September 1, 2016
Unified Communications and Collaboration, usually shortened to just UC&C, is a technology that allows for the integration of voice, video, and data into a single service. UC&C gives users the ability to communicate and collaborate with anyone from virtually anywhere, in real time. It's an excellent replacement for costly and disparate communications systems, which often fail to meet the business' needs for communicating and collaborating across time zones and national boundaries.
UC&C tools include the functionalities of instant messaging, video conferencing, telecommunications, and more. These solutions have evolved considerably in the past few years, primarily with a shift towards IP-based tools that offer the features of a comprehensive UC&C system. That's why UC&C usually falls under the purview of the network administrator.
It's also tremendously popular among businesses, primarily because it can deliver significant gains in productivity while keeping costs low, and offering a scalable communications and collaboration solution that works across the enterprise, as well as smaller businesses. UC&C enables remote workforces and mobile workers like no other solution can. It allows workers to engage in web conferences from home, get their voicemail when traveling, and even in finding out when coworkers are free to accept phone calls.
So, what are the ingredients of a successful UC&C system? Here's the checklist.
UC&C will put additional strain on your network, and will change the traffic patterns. Make sure your weak links are reinforced before implementing UC&C solutions.
1. UC&C Requires the Right Network Infrastructure
UC&C solutions are really just another software application. As such, it has to integrate well with the rest of the network, or it won't be "unified" at all. In addition to compatibility, it is important to understand that UC&C will increase traffic on the network. Many of the things that have been handled by the telephone system or even local cellular networks will now be going through your network. The network administrator needs to consider this when offering an opinion on any UC&C solution, but also make sure that UC&C is included in any capacity planning you do between now and full implementation.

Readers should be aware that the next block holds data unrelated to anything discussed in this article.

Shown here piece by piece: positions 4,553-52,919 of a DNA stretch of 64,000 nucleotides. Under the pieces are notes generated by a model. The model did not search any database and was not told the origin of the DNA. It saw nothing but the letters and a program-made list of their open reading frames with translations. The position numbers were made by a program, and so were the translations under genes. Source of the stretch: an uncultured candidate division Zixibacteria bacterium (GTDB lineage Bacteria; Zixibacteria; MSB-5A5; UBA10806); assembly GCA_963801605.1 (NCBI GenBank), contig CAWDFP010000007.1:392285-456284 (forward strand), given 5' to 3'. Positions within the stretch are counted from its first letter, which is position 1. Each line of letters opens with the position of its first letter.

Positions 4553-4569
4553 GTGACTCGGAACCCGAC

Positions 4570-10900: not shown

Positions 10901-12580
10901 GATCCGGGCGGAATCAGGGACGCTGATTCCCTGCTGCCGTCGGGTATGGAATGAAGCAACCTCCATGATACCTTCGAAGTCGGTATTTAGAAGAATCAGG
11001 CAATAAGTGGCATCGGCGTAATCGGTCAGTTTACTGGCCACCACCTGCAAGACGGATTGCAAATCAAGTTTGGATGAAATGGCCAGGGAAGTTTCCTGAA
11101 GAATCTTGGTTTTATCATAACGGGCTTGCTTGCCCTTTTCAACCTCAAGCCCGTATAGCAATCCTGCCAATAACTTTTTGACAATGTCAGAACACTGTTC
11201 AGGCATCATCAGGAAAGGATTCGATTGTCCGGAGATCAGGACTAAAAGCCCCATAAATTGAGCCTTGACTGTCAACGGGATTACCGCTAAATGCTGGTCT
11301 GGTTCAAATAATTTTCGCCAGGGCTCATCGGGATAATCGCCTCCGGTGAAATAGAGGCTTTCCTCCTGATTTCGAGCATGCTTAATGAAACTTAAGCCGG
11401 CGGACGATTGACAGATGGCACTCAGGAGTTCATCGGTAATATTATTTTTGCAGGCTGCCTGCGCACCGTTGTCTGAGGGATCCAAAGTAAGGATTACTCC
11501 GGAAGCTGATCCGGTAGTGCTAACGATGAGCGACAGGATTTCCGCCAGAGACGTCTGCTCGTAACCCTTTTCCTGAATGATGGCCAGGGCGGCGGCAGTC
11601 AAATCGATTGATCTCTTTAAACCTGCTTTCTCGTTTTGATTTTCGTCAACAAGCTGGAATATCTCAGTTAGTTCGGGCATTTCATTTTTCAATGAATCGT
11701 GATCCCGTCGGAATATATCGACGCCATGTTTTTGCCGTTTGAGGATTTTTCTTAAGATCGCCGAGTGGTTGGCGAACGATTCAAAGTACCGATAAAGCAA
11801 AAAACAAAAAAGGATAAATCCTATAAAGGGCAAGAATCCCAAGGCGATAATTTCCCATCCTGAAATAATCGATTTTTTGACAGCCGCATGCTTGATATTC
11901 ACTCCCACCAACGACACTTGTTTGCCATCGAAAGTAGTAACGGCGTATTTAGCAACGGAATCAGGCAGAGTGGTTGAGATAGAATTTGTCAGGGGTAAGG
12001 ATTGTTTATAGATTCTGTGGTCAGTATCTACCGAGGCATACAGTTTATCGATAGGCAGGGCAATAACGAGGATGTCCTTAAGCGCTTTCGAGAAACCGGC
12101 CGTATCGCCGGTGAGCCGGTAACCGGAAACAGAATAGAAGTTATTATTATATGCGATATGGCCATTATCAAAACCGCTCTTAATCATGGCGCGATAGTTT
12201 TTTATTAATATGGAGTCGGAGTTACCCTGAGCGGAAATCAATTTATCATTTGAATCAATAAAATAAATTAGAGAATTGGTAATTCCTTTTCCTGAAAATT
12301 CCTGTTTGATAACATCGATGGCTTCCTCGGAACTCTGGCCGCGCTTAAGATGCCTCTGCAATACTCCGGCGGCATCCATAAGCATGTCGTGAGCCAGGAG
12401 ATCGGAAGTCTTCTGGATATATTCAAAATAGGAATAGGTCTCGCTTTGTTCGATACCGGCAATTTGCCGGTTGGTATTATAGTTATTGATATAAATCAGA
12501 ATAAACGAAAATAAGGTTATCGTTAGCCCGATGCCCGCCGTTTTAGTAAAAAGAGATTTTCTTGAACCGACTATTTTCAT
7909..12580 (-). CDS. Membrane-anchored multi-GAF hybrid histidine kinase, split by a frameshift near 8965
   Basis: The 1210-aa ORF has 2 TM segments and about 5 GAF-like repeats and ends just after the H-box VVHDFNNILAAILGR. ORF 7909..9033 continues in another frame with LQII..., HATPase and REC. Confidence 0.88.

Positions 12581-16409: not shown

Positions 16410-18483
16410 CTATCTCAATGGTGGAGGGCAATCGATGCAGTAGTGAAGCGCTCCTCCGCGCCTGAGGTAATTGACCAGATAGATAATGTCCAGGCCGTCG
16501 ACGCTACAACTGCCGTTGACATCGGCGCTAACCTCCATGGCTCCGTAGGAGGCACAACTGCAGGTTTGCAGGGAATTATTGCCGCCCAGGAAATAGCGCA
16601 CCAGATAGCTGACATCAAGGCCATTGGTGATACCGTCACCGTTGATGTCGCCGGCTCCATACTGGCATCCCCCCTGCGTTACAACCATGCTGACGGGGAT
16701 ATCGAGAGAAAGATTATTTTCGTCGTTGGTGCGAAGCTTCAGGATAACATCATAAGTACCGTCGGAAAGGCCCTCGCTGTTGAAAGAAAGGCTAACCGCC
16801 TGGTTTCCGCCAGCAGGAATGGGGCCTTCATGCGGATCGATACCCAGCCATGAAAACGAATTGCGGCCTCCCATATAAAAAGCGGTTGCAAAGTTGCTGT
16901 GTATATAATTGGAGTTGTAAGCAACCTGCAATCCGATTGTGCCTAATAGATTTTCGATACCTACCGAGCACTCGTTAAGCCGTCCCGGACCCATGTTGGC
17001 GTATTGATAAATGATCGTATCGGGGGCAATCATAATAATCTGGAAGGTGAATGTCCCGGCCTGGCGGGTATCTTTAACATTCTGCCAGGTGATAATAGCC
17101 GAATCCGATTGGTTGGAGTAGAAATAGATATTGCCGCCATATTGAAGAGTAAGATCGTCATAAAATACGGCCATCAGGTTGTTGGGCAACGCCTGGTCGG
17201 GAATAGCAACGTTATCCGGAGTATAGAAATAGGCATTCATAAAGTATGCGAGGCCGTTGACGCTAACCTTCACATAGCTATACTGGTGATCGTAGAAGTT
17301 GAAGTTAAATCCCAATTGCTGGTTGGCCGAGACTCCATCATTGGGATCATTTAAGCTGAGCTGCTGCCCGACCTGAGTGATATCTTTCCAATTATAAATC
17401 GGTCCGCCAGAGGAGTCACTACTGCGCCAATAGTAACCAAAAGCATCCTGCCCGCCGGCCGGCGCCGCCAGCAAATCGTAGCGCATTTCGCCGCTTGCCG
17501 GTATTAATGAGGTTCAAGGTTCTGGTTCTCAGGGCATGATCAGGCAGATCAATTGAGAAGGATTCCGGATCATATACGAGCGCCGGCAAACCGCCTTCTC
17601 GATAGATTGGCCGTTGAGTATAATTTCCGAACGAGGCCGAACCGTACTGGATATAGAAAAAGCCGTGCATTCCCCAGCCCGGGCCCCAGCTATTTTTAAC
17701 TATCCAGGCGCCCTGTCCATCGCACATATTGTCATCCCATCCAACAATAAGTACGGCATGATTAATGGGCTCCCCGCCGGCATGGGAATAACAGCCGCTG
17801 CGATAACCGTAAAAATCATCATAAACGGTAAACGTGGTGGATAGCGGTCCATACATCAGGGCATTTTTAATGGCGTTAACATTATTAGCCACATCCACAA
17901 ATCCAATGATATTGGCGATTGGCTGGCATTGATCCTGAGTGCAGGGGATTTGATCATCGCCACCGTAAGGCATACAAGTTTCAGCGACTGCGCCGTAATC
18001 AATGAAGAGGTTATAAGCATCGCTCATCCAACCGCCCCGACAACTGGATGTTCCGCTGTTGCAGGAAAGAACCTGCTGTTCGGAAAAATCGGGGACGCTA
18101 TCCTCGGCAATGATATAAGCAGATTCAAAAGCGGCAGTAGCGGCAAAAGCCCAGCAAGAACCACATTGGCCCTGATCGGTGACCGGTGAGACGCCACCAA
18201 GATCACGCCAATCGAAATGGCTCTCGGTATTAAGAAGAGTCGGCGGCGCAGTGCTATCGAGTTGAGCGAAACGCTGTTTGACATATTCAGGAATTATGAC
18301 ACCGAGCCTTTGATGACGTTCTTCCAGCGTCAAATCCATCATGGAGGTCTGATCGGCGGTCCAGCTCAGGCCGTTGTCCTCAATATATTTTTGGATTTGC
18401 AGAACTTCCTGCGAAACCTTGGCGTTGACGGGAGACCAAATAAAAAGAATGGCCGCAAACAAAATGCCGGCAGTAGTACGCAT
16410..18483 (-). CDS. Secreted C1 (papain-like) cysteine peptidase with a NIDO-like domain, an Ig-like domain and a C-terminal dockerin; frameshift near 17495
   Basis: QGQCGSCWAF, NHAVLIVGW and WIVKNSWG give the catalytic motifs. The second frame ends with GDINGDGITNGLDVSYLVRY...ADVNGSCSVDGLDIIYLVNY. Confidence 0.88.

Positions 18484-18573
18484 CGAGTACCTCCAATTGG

2. UC&C Must Address the Business' Mobility Needs
One of the driving forces behind mass UC&C adoption is the ability to connect with branch offices, remote workers, and mobile workers. Whether that's your C-suite frequent flying club or a massive team of freelancers and contractors, mobility is one of the key ingredients of a successful UC&C system. If you are familiar with the concept of the 'borderless enterprise', you'll understand how essential mobility is to any communications solution. There are, however, some potential pitfalls when it comes to mobility with UC&C. Not all systems put the needs of the business first. Make sure your system is designed to fit within your enterprise and that it offers the features your mobile and remote teams need to do their jobs
Social media is a fast, efficient way to collaborate across the country or to the other side of the world. It definitely has business advantages, including easy access to translation tools and fast mechanisms for file sharing. Any UC&C solution you consider should have social media capabilities.
3. UC&C Must Support Social Media
If you don't believe your highly professional workforce uses social media to get things done, you need to take a closer look: re-run those network traffic metrics again. Social media is just too easy not to use for collaboration, and it has some advantages, such as the ability to detect when a message has been seen by the recipient and the ability to quickly (for free!) send links, documents, and files. Look for a UC&C system that offers full integration with social media.
4. Don't Forget the 'Collaboration' Part of UC&C
Some of the features of UC&C are specifically geared toward communication, and others lend well to collaborative efforts. Make sure yours has both. Collaborative functionality includes instant messaging, video and audio conferencing, and other tools that allow for free and open sharing. Network administrators should make sure that the network is capable of handling the additional traffic that comes along with these collaborative tools, which are often multimedia tools that are heavy consumers of bandwidth.
5. No UC&C Solution is Complete Without a Strategy in Place
You've got a strategy for incident response, a strategy for disaster recovery, and a career strategy. UC&C similarly needs a strategy to work as it should and to serve the business' long-term goals. A sound strategy makes sure that UC&C deployments are rolled out strategically, helps the business understand the needs of its workers, and assures that the solution has the features and functionality it needs to serve the business' interests well.
UC&C will mean that more people choose to video chat with customers and vendors than to pick up the phone and call. Plan for this when you plan for the network capacity you need to make UC&C work.
Though many of these things sound as if they fall squarely on the business' shoulders, if the network administrator is absent from these discussions and planning sessions, it is unlikely that the business will end up with a solution that fits and works. Since the network is the backbone of a successful UC&C solution, the network administrator and network engineer need to have a say in selection and implementation of the system.
As mentioned, UC&C is an important part of the borderless enterprise. Want to learn more about what this is, how it works, and how it applies to you? Download our ebook: Unified Communications and Collaboration for Dummies.